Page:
Lensless.

pinhole-cams-sized.jpg

x 3.

I recently added the ONDU 6×12 Multiformat pinhole camera to my pinhole camera collection.

Nice little box. I got the walnut version. It is so pretty.

I also have the 8Banners MC and Zero Image 2000 6×9 pinholes.

I’ll use the 8Banners for 6×6 and keep the other two at their intended format.

I found an inexpensive padded insert on Amazon that has handles and a hook-and-loop attached lid with a zippered pouch, perfect for storing a yellow filter for the ONDU and a shutter release cable for the Zero Image.

It came with a pair of padded dividers, to help keep the cameras separate. Nifty find.

Each camera has its own Manfrotto 785PL Quick Release Plate, used with the awesome 785B Modo tripod.

I also put together and printed a separate exposure chart for each box using Mr. Pinhole’s Pinhole Camera Exposure Guide. A very useful resource.

I’ll get out with these boxes in a couple of weeks, most likely shooting B&W for a while so I can tank develop at home. I’ll shoot color, too.

Should be fun.

Use what you have, revisited.

scan-comparison.jpgA little experiment.

An update on my adventures last Sunday morning with my Zero Image 6×9 pinhole camera.

I developed the Fujifilm Neopan Acros 100 that was in the camera back on Thursday, along with the *fat roll I posted about last Tuesday… more on the mystery roll soon.

Everything went smoothly with the developing. Stock D76 @ 68º for 7 minutes 15 seconds.

The negatives hung in the hall bathroom until the next day, and they were dry by the time I was ready to scan.

The Epson V500 I have has been a work horse over the years, handling everything I throw at it. But things went south from the beginning on this particular task.

Things went south from the beginning on this particular task…

There’s a white background that snaps in-and-out of the scanner lid, it’s not needed when scanning film. Took it out. Then I pulled out the 120 negative scan tray and loaded up a strip of three shots, set up the scan software per usual, and went through the process of creating a preview before actually scanning.

That’s when things started to go awry. The preview was splitting up the negatives in a way that was totally unusable.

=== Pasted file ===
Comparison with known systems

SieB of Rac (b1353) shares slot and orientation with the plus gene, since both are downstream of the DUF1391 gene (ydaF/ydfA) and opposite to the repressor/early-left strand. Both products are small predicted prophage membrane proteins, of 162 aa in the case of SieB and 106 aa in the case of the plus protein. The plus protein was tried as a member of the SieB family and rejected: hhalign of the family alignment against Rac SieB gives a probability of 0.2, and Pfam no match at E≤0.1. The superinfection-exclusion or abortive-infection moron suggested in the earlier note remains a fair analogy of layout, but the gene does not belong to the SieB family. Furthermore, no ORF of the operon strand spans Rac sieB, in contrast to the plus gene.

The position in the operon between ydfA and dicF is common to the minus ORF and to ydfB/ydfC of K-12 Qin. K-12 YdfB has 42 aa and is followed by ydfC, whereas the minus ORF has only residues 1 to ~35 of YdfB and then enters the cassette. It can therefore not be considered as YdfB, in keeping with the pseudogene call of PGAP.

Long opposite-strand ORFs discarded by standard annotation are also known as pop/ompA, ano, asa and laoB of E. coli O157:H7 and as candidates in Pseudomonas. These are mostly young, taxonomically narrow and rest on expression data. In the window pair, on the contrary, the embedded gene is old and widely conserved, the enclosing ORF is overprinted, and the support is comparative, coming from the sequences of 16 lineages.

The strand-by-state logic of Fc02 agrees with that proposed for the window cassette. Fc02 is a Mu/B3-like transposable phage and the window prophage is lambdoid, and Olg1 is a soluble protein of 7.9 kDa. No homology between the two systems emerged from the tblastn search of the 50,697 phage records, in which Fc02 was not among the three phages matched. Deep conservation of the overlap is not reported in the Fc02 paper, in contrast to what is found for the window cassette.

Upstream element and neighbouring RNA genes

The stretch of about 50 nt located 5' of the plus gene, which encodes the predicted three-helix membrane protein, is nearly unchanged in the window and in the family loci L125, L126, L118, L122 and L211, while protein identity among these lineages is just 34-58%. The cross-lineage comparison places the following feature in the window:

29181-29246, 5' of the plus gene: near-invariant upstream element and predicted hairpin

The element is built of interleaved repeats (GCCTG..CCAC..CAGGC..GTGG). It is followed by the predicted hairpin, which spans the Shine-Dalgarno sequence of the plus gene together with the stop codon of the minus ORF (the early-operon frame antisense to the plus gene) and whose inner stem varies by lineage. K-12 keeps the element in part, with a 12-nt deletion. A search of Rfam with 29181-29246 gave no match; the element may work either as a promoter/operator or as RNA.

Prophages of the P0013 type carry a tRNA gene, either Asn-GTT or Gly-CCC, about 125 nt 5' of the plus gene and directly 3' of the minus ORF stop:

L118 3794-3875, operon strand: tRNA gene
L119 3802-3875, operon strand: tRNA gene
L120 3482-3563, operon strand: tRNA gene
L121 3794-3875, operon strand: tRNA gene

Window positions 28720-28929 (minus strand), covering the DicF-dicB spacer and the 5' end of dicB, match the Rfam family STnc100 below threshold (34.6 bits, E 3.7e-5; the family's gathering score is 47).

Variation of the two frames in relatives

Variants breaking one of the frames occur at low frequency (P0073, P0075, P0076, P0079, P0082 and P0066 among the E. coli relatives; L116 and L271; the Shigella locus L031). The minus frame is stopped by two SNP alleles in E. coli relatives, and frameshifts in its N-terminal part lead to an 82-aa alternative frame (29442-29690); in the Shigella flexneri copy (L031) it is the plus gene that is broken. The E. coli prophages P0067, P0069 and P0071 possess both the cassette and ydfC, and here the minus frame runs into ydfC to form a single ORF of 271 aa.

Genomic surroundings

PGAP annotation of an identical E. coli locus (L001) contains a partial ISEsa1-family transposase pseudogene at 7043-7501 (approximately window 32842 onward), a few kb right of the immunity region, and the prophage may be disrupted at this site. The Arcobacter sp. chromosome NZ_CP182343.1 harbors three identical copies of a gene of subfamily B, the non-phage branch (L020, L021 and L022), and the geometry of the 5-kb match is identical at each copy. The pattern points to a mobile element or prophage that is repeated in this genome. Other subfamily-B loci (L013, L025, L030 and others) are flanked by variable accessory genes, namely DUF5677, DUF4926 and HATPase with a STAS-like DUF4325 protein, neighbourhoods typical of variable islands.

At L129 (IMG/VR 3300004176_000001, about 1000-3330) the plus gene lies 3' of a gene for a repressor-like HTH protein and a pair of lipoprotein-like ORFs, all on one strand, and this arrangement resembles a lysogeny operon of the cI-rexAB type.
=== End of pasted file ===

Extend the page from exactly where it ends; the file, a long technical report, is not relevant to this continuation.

I fiddled with every the setting I could, but the results did not change.

I remembered watching a You Tube video some time ago that showed how to scan a negative as if it were paper. I figured I’d play a bit and put the white background back in the bottom of the lid and removed the negative from the scan tray, placing it emulsion side down so the film curled away from the glass, then ran the software as normal for scanning documents.

Well, that worked. Kind of…

reg-scan.jpg

Intrigued, but not totally satisfied that I couldn’t get the scanner to work properly, I set about fiddling some more. I noticed a button near the bottom of the interface that was labeled “reset” and thought, what the hell, then clicked it.

And this time the machine worked as designed. Happiness.

After a few dialog boxes, everything seemed like normal, so I set the scanner up again for negatives.

And this time the machine worked as designed. Happiness.

Here’s the result…

neg-scan.jpg

I like them both. You can see more detail in the shadows of the first scan, and I like the somewhat distressed appearance. The second, proper scan is very clear (for a pinhole shot) and not as washed out.

It’s a 3 second exposure, taken at the La Frontera shopping mall, from a car wash located in the southeast corner of the property. I asked permission to park and played in an adjacent field, with my tripod and camera set-up in the shadows cast by the fly-over.

Love the lines, curves, and shadows. The sun was still pretty low in the sky and being blocked by the column on the left side of the image.

* a fat roll is when 120 film does not roll tightly around the take-up spool, usually resulting in light leaking to expose the edges of the last few coils at the end of the roll.